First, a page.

Philosophers find E-prime interesting, since once you eliminate “be” words you can’t even say many of the classic logical paradoxes! You can’t pose stupid questions like “What is the meaning of life?” or “Who am I?” Most poetry cannot be rewritten in E-prime. You can’t utter philosophical pseudoprofundities like “I think, therefore I am.” I consider these beneficial results strongly argue in favor of the adoption of E-prime. Throw out “My love is like a red, red rose.” Such constructions encourage vague, imprecise, misleading, ambiguous, and foolish writing masquerading as profundity. We’d have to throw out most of Shakespeare, which I’d consider no great loss. Into the trash would go volumes of political speeches, advertising copy, and song lyrics, from opera to rock. Again, no serious cultural loss.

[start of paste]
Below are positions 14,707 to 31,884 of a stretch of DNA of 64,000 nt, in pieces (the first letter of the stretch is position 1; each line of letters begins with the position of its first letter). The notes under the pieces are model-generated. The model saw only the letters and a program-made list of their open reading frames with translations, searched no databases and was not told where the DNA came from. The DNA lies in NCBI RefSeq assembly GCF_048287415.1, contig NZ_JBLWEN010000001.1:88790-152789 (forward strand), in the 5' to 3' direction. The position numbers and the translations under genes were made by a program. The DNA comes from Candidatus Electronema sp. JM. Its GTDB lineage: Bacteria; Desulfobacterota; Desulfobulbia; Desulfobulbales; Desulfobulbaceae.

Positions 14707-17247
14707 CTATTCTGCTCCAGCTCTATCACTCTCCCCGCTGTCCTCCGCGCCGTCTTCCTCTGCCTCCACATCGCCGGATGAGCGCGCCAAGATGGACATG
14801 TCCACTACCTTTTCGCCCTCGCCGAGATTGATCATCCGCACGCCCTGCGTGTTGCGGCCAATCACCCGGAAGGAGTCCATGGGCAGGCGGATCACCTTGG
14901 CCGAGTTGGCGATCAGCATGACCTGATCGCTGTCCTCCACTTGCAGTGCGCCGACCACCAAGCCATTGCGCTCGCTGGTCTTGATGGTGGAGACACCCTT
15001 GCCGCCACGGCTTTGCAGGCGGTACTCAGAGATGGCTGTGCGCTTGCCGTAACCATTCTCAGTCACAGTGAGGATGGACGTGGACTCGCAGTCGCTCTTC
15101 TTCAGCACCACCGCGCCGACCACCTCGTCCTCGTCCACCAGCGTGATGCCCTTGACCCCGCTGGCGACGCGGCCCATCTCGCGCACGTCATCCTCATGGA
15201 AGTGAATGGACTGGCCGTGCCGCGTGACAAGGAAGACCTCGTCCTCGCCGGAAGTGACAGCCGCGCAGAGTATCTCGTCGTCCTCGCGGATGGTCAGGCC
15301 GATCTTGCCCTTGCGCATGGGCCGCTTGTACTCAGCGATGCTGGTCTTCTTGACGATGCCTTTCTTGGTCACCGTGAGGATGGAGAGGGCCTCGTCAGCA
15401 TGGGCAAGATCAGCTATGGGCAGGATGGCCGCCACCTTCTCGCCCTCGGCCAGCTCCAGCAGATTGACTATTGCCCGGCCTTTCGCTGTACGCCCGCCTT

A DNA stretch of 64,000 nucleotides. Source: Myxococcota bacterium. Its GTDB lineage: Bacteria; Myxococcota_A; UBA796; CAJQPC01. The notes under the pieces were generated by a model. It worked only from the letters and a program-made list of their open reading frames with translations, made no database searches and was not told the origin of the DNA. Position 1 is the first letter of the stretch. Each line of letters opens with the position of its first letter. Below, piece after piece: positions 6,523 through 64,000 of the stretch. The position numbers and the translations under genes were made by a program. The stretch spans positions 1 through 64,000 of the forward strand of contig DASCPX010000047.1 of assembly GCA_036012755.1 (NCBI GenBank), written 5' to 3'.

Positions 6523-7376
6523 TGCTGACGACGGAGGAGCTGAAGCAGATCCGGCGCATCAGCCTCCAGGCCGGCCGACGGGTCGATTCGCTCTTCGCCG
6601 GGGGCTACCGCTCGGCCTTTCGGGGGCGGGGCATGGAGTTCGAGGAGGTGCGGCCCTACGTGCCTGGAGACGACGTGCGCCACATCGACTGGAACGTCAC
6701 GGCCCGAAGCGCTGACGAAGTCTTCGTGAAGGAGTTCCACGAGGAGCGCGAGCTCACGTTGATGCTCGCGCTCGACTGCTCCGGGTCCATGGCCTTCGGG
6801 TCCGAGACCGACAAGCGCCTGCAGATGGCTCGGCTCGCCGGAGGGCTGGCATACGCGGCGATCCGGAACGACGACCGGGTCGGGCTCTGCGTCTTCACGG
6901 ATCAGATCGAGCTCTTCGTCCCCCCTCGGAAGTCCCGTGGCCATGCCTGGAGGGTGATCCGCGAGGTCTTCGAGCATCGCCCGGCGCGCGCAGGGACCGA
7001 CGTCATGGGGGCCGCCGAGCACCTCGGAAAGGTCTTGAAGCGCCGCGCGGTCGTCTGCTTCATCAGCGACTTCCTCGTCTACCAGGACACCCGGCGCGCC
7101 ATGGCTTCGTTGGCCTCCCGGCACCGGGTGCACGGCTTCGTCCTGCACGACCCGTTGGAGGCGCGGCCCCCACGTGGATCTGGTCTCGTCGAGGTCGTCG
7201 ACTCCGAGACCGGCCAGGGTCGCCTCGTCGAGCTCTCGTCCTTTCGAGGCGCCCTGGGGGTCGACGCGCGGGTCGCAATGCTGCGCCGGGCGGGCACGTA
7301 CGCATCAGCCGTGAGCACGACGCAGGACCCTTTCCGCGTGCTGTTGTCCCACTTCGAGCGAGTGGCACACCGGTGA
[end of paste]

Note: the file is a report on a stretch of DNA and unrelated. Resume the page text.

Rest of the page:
We generally use ‘be’ words to equate things. Most of the time we equate things that we shouldn’t. How does the poet’s love object resemble a rose? Does she have thorns? Does her complexion appear red? Does she smell bad? Does her beauty fade quickly? When one examines such foolish utterances they collapse into meaninglessness. This characteristic of poetry would cause little harm but for the fact that many people take such expressions seriously. Indeed, the average person commonly mistakes ambiguity for profundity. This weakness of the human mind makes people easy prey to advertisers, demagogues and snake-oil salesmen.
English spelling is notoriously inconsistent, and some have gone further, calling it “the world’s most awesome mess” or “an insult to human intelligence” (both these from linguists, one American, one Austrian).
… one would have to say that English, far from being a pure maiden, looks like a woman who has appeared out of some distant fen, had more partners than Moll Flanders, learned a lot in the process, and is now running a house of negotiable affection near an international airport.